I have been a teacher for fourteen years and I feel like a brand new teacher right out of college. Why you ask? I think it is the slow piling of more responsibilities over the last ten years on my shoulders. I am so overwhelmed that I can't keep my email at work straight! How could this happen?
About ten years ago we started state "high stakes" testing. It seemed like a good idea back then. Soon after the testing began we started interventions. At first, interventions was leveled by using the state test and you saw the same kids every day. Then we decided to retest every quarter and switch the students around in interventions depending on how they scored on the quarterly tests as well. Three years ago I moved to a school that switched interventions daily! Some teachers like this, but I never like anything that switches around too rapidly.
Last year we lost our wonderful language arts teacher in 7th grade to retirement. She was not replaced. I have been told I should be very happy about this due to the fact that I could have been fired (I'm the science teacher) so the school could hire a reading/writing teacher. So who is teaching reading? Well our grade level has joined with the sixth grade teachers so we can get all subjects taught with minimal teachers. That means that I am now teaching reading, 6th grade science, and 7th grade science. We have 36+ in a class. My principal is very worried about reading because it is now in the hands of several people.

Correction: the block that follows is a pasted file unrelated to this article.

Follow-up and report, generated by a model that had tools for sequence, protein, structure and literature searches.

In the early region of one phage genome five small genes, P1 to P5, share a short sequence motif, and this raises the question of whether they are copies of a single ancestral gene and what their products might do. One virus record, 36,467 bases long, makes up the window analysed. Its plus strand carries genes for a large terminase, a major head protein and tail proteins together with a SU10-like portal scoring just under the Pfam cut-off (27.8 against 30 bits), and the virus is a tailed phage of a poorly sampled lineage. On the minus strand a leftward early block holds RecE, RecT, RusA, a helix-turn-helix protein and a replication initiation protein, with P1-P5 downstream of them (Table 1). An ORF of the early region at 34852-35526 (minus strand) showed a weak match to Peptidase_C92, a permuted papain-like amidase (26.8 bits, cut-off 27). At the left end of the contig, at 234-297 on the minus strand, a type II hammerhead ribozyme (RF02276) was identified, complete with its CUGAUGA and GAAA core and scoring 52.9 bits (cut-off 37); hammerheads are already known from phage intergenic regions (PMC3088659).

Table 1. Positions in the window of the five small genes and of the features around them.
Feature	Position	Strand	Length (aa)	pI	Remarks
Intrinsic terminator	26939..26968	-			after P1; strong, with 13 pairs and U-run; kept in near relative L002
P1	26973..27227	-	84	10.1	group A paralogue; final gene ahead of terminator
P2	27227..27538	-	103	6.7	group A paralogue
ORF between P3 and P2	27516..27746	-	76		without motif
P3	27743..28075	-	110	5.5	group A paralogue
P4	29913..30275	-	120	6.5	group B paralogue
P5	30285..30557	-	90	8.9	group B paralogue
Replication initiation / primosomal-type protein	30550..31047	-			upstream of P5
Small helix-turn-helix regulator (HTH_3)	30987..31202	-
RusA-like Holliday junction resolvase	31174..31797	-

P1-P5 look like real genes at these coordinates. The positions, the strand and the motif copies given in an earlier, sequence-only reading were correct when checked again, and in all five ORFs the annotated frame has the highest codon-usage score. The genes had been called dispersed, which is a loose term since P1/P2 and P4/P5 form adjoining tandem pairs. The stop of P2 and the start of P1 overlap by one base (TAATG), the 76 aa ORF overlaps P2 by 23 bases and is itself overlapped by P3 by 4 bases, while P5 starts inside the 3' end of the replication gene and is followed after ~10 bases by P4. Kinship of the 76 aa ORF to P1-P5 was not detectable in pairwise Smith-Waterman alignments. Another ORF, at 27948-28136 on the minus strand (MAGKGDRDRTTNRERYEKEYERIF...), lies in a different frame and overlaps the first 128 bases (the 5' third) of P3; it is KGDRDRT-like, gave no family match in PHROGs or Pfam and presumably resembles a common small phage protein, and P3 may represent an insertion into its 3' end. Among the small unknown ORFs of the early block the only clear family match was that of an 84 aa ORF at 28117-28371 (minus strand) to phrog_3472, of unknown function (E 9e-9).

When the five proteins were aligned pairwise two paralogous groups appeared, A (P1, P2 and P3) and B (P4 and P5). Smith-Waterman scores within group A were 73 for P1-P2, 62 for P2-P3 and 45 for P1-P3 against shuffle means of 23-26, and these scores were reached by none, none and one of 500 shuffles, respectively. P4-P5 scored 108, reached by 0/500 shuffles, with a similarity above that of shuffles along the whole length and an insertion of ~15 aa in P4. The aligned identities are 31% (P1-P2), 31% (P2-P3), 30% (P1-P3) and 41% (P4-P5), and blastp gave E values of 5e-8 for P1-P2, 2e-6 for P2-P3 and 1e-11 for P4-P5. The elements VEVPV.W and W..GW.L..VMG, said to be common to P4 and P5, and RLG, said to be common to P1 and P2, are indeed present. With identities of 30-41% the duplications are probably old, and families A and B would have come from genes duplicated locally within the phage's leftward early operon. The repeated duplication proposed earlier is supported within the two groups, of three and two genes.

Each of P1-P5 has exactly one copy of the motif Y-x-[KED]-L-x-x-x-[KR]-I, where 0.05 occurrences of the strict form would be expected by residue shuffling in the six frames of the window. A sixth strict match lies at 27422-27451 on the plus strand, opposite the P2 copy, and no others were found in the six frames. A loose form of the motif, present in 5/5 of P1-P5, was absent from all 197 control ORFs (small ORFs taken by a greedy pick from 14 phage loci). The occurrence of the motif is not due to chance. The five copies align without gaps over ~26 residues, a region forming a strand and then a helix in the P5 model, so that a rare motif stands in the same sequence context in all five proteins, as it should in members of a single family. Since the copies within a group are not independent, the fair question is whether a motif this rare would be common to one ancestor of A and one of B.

I ask you, how can a school get good scores on a state test when there is not enough teachers to bring the class size down to a manageable level? How can reading scores improve when there is no reading teacher? How can anyone possibly think that cutting science teachers is an option? There will be jobs in science in the future. Will the United States have anyone to fill them? One thing is for sure, if we pull it off and our students meet the standard on that reading test this year, we won't be getting another reading teacher...
11 hours ago